The Invention of the Land of Israel: From Holy Land to Homeland by Shlomo Sand
What is a homeland, and when does it become a national territory? Why have so many people been willing to die for them throughout the twentieth century? What is the essence of the Promised Land?Following the acclaimed and controversial Invention of the Jewish People, Shlomo Sand examines the mysterious sacred land that has become the site of the longest running national struggle of the twentieth-century. The Invention of the Land of Israel deconstructs the age-old legends surrounding the Holy Land and the prejudices that continue to suffocate it. Sand’s account dissects the concept of ‘historical right’ and tracks the invention of the modern geopolitical concept of the ‘Land of Israel’ by nineteenth cntury Evangelical Protestants and Jewish Zionists. This invention, he argues, not only facilitated the colonization of the Middle East and the establishment of the State of israel; it is also what is threatening the existence of the Jewish state today.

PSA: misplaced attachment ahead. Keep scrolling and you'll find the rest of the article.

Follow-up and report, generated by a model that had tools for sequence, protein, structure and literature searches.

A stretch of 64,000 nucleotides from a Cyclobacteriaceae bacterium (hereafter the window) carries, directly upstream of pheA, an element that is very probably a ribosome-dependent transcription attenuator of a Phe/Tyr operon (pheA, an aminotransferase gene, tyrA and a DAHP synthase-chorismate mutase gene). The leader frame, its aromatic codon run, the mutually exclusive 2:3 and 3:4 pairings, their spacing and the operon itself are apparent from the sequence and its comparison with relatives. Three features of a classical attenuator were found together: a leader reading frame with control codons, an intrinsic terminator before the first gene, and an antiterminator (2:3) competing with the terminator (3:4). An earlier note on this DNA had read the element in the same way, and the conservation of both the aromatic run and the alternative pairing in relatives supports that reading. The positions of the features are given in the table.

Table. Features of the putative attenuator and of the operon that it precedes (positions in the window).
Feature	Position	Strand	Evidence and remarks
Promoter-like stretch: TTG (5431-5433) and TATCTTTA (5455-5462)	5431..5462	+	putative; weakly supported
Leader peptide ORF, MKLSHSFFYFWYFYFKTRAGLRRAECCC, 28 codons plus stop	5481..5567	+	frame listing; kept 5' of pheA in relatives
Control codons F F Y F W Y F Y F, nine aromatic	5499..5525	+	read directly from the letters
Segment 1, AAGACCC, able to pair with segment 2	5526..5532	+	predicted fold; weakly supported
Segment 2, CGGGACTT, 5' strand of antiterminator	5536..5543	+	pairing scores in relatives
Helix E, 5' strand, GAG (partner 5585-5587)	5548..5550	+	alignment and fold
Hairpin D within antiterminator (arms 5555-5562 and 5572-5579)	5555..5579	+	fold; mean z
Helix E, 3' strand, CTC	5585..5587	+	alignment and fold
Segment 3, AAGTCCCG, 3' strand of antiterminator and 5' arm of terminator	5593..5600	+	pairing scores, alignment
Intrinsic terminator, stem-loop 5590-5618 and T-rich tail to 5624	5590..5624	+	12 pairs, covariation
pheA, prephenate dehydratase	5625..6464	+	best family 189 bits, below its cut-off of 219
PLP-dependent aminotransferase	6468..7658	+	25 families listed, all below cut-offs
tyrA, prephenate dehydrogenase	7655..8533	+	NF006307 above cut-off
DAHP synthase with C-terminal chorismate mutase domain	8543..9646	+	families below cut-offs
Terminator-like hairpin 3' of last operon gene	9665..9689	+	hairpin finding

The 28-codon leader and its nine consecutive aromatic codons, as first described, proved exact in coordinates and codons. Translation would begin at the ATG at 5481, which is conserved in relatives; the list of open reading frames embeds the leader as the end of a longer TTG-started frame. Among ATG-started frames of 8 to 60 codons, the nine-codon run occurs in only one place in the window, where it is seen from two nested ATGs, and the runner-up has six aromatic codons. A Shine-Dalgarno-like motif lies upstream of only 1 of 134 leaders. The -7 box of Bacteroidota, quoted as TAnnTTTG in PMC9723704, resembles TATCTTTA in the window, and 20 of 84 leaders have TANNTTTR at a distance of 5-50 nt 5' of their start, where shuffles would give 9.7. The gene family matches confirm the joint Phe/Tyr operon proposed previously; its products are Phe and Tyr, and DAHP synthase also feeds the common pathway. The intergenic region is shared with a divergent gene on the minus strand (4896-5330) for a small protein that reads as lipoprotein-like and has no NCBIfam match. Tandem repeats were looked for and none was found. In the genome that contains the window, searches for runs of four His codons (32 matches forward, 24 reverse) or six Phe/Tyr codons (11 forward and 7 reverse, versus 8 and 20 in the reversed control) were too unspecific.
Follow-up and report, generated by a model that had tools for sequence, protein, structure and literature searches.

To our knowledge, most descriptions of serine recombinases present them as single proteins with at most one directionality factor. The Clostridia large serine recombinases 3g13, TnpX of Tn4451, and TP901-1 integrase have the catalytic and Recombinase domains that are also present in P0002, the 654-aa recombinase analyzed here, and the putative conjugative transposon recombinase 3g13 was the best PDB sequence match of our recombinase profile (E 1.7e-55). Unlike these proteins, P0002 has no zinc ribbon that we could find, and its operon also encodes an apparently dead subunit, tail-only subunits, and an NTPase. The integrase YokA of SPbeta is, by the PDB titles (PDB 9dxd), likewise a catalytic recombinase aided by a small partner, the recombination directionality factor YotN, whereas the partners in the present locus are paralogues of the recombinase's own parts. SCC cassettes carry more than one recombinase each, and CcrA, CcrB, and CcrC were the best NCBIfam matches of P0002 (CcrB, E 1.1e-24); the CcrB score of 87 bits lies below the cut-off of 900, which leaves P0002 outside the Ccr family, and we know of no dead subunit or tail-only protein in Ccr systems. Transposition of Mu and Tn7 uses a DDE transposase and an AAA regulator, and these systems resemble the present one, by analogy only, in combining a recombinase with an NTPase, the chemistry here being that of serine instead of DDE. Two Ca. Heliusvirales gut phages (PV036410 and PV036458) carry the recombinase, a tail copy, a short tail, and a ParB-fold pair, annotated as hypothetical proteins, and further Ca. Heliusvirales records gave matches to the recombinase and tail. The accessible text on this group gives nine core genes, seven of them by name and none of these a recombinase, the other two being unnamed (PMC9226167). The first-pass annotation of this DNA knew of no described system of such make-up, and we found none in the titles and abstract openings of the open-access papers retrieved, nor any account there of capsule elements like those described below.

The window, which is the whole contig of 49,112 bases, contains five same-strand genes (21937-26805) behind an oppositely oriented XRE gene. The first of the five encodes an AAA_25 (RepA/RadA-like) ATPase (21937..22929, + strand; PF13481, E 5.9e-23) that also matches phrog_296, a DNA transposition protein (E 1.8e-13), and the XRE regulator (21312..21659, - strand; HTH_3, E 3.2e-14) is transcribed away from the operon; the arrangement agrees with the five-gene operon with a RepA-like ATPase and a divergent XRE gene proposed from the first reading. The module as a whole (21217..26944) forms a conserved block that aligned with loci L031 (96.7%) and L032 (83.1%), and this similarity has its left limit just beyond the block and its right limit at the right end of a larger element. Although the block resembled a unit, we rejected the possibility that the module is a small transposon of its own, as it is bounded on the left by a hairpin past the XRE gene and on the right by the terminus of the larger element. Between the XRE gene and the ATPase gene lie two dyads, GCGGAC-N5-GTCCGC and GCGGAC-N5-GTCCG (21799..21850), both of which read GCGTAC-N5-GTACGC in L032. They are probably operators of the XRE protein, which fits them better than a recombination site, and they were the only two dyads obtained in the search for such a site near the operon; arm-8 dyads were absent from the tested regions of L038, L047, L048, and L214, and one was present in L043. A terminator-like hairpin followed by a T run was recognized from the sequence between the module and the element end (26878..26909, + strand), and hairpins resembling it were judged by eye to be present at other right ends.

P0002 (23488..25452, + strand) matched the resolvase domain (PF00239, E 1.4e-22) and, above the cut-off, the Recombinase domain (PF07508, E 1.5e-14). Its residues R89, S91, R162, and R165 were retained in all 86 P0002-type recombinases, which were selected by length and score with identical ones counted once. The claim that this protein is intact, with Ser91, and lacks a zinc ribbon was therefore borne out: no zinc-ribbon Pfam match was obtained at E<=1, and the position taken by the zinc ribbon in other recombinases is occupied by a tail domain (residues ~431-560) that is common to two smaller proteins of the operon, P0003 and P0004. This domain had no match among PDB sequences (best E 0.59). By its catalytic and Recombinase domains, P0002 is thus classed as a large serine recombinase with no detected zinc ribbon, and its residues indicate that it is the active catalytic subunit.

Shlomo Sand studied history at the University of Tel Aviv and at the École des hautes études en sciences sociales, in Paris. He currently teaches contemporary history at the University of Tel Aviv. His books include The Invention of the Jewish People, On the Nation and the Jewish People, L’Illusion du politique: Georges Sorel et le débat intellectuel 1900, Georges Sorel en son temps, Le XXe siècle à l’écran and Les Mots et la terre: les intellectuels en Israël.
Geremy Forman teaches in the Department for Land of Israel Studies at the University of Haifa. He has most recently contributed to the collection Reapproaching Borders: New Perspectives on the Study of Israel–Palestine.
The Invention of the Land of Israel: From Holy Land to Homeland 5 out of 5based on
More than 1 year ago
You should become deputy.
More than 1 year ago
This is a great extension of Sand's first Invention book. Extremely valuable and informative resource about the hazards of extreme nationalism and racism, especially that based on religiously influenced ideals. I thought this was better than the first one